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October 22, 2020 | Rome, Italy

In a breath

By | 2020-08-17T13:27:14+02:00 August 17th, 2020|L'Americana|
Learning the preciousness of breath...
I

’ve returned to meditating lately. What’s a bit different this time around is that I’m now doing it daily.

I’d been practicing meditating on and off for many years, but the task of doing it on a daily basis, usually in the morning — for 20 to 40 minutes — is new to me, and undoubtedly a response to being in partial quarantine, as coronavirus cases continue to rise in my state of Florida.

I learned to meditate in Rome, a peculiar place to begin something that requires both stillness and silence, each one an anathema to Rome’s chaotic, hedonistic ways. But at the time, more than a decade ago, I was searching. A year before I began meditating, I’d broken up with my Italian boyfriend, and while I was over the immediate trauma of first heartbreak, the effects still lingered.

Good friends who’d taken up meditation suggested I do the same. I was skeptical: I’d tried it in college, and hadn’t liked it — instead of emptying my mind, it filled it with even more preoccupations.

Instead of emptying my mind, meditating filled it with even more preoccupations.

But I decided to give meditation another try by taking a course. I entered the Indian Embassy in central Rome with both curiosity and trepidation — especially when the first thing I noticed was a giant poster of a tiger in the hallway leading to the meditation hall. Tigre, Italian for tiger, was my Italian boyfriend’s nickname. He was the last person I wanted to be thinking about.

To my relief, however, he remained far from my thoughts during most of the course. The first time I meditated, I woke up to a mental surge of flowing words. I was learning to be a news reporter at the time, but my words were not journalistic; they were more, I dare say, poetic. I felt the same way I had when I’d discovered writing as a child. Writing my first poem had been a liberating experience. This later made sense, when I learned that meditation taps into the unconscious mind, also home to most creative impulses.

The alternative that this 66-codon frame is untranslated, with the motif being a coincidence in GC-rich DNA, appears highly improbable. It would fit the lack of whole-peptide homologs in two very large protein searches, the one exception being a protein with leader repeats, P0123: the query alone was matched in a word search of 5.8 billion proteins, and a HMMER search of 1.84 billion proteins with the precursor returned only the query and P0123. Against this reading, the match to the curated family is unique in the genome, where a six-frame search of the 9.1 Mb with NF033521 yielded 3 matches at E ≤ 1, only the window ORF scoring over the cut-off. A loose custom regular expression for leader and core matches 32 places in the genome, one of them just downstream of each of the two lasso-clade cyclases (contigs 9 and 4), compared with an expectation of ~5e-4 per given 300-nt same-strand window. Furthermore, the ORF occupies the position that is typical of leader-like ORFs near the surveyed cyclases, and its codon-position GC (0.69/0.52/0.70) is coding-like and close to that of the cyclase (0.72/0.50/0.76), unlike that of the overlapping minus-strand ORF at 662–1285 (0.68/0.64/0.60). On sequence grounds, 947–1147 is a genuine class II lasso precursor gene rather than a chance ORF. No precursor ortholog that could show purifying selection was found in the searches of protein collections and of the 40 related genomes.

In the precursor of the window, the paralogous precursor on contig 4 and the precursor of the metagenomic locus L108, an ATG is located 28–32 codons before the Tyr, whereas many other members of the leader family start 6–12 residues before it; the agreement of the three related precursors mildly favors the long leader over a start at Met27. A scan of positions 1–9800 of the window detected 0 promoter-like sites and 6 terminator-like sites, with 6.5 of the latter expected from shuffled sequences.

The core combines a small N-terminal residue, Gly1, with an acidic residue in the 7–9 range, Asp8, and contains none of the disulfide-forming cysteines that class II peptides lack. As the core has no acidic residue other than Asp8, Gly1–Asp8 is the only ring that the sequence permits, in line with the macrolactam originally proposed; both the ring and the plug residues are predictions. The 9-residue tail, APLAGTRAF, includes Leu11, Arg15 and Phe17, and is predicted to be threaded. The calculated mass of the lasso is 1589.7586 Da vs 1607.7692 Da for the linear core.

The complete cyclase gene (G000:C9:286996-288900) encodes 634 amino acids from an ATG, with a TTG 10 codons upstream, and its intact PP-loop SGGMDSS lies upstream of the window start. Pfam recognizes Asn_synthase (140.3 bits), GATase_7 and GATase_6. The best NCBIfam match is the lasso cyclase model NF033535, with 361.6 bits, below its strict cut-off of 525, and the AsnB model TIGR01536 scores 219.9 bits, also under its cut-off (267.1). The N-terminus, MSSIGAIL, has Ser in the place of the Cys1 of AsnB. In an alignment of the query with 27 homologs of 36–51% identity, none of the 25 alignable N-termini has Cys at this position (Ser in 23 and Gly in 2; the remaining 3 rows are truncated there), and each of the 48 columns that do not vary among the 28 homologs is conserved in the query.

My first meditations also gave me immediate clarity. My ex-boyfriend did finally enter my mind during the five-day course, but in a surprising way. I found myself at peace with the break-up. I even appreciated his moniker, tigre, as reflective of his admirable capacity to go after life, rather than suggestive of my fear of being consumed by him. Moreover, the break-up itself, which once had monumental proportions in my mind, was now just another moment in my life story.

The “secret sauce” to this meditation technique — from the Art of Living Foundation — is a breathing technique called Sudarshan Kriya, which in Sanskrit translates to clarity of vision. It is based on rhythmic breathing cycles that prepare the body and mind to meditate. There are a couple other simple, yogic exercises that create the foreground of the breathing cycles, which also help relax the body enough to “leave the body,” as meditation is sometimes described.

The “secret sauce” to this meditation technique is a breathing technique called Sudarshan Kriya, meaning clarity of vision.

Despite all I learned in Rome, I practiced meditation only irregularly. It wasn’t until I moved back to America that meditation began to anchor my life. My return home was fraught with unsettling realities: America itself felt foreign after my decade in Italy, my mother died, and my profession was in crisis.

When I moved to Washington, D.C. for a job, the meditation center there became my second home. I’d spend long holiday weekends at retreats, also Saturday evenings. When I made the risky move south to Florida, where I knew no one, I at least made sure there were a few other people in my meditation group.

I still meditate with this same group, which has become an extended family. Of course, in-person meditation meetups were banned months ago because of the pandemic, but we do them online, which I admit is not the same, which is the case with all kinds of previously face-to-face meetings that have been pushed online. Still, it’s something.

Focusing on breathing feels especially important in the midst of a disease that above all attacks the respiratory system. I feel more grateful for the simple act of breathing — the act that also bookends all of life. The first act of life is breathing in; the last, breathing out.

Reminding myself of this makes me breathe a little easier.

Kristine Crane, Associate Editor
Kristine Crane is Associate Editor of The American and the author of the "L'Americana" column. She lives and writes in North Central Florida. She was formerly a Fulbright scholar and journalist in Rome, where she helped found "The American." She is originally from Iowa City.

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